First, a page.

administratively establish child support in an interstate case.  If           
 a state has jurisdiction over a child support case, another state             
 cannot create another child support order.  The child support                 
 agency can be the entity that takes another state's order and                 
 enforces it or modifies it if that is appropriate.  MR. MALLONEE              
 added that the modification must come from the state that has                 
 continued exclusive jurisdiction in the case.                                 
 Number 340                                                                    
 Mr. Mallonee and Ms. Page responded to several questions from                 
 committee members on how the information is currently shared                  
 between states, how this Act will enable the state to function                
 better in collecting child support payments, and how a state gains            
 jurisdiction over a child support case.                                       
 Number 500                                                                    
 SENATOR LITTLE asked for an explanation of the term "default                  
 order."  MR. MALLONEE responded that in the establishment of a                
 notice of finding a financial responsibility, the number one thing            
 that the agency does is attempt to locate information on what an              
 individual makes by checking Department of Labor statistics, as               
 well as requesting information from the person.  A default order is           
 only set once they have no information.  The courts do the same               
 thing, and in many cases, they set it using a $60,000 figure.  If             
 they ask the person to provide financial information and they do              
 not, the court normally sets it using $60,000, which is the maximum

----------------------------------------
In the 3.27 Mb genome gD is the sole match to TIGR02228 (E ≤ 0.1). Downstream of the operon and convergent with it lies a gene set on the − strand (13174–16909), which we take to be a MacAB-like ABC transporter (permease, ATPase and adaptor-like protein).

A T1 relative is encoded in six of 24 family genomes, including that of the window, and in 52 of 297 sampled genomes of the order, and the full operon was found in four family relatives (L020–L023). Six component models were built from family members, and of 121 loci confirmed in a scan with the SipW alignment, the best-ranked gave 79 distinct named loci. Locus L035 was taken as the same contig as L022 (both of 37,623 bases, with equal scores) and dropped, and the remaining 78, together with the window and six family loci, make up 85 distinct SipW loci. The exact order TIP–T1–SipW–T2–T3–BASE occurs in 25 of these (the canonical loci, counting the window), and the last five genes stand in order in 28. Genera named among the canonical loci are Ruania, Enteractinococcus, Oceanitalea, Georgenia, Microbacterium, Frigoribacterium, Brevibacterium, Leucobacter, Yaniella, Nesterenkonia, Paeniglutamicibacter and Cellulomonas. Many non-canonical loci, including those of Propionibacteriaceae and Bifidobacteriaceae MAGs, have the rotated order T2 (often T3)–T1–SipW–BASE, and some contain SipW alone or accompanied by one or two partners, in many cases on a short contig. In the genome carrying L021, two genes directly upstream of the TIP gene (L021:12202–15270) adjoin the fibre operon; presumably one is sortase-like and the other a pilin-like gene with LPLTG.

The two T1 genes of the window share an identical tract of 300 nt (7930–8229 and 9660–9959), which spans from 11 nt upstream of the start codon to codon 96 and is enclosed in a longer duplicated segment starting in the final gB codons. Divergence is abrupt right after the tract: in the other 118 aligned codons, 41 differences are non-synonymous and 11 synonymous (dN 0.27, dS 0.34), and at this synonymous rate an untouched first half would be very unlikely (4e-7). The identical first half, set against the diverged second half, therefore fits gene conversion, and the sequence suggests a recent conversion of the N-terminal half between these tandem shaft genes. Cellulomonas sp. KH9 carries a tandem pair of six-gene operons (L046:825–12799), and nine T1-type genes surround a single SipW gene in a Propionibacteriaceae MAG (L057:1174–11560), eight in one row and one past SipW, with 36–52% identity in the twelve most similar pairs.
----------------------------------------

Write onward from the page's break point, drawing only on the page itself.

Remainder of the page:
in the guidelines.                                                            
 Number 531                                                                    
 SENATOR TAYLOR commented that he understands the concern and the              
 desire to make certain that people conduct themselves in an                   
 appropriate fashion, but he thinks the entire weight of the State             
 of Alaska, the Attorney General's office and the Child Support                
 Enforcement Agency are set up for one purpose only and that is to             
 gain money.                                                                   
 Number 590                                                                    
 SENATOR HALFORD asked what would happen if the word "tribunal" were           
 changed to "court" throughout the bill.  MS. PAGE responded that              
 she thought that the situation would be the same as it is now.  She           
 thinks it is necessary to have it "tribunal" in order to make it              
 easy for the administrative agency to administratively respond to             
 interstate cases.  If they can't, they have other statutes that               
 allow them to do what they are doing now, and that is to establish            
 an Alaska order every time they've got an interstate case.                    
 TAPE 94-34, SIDE B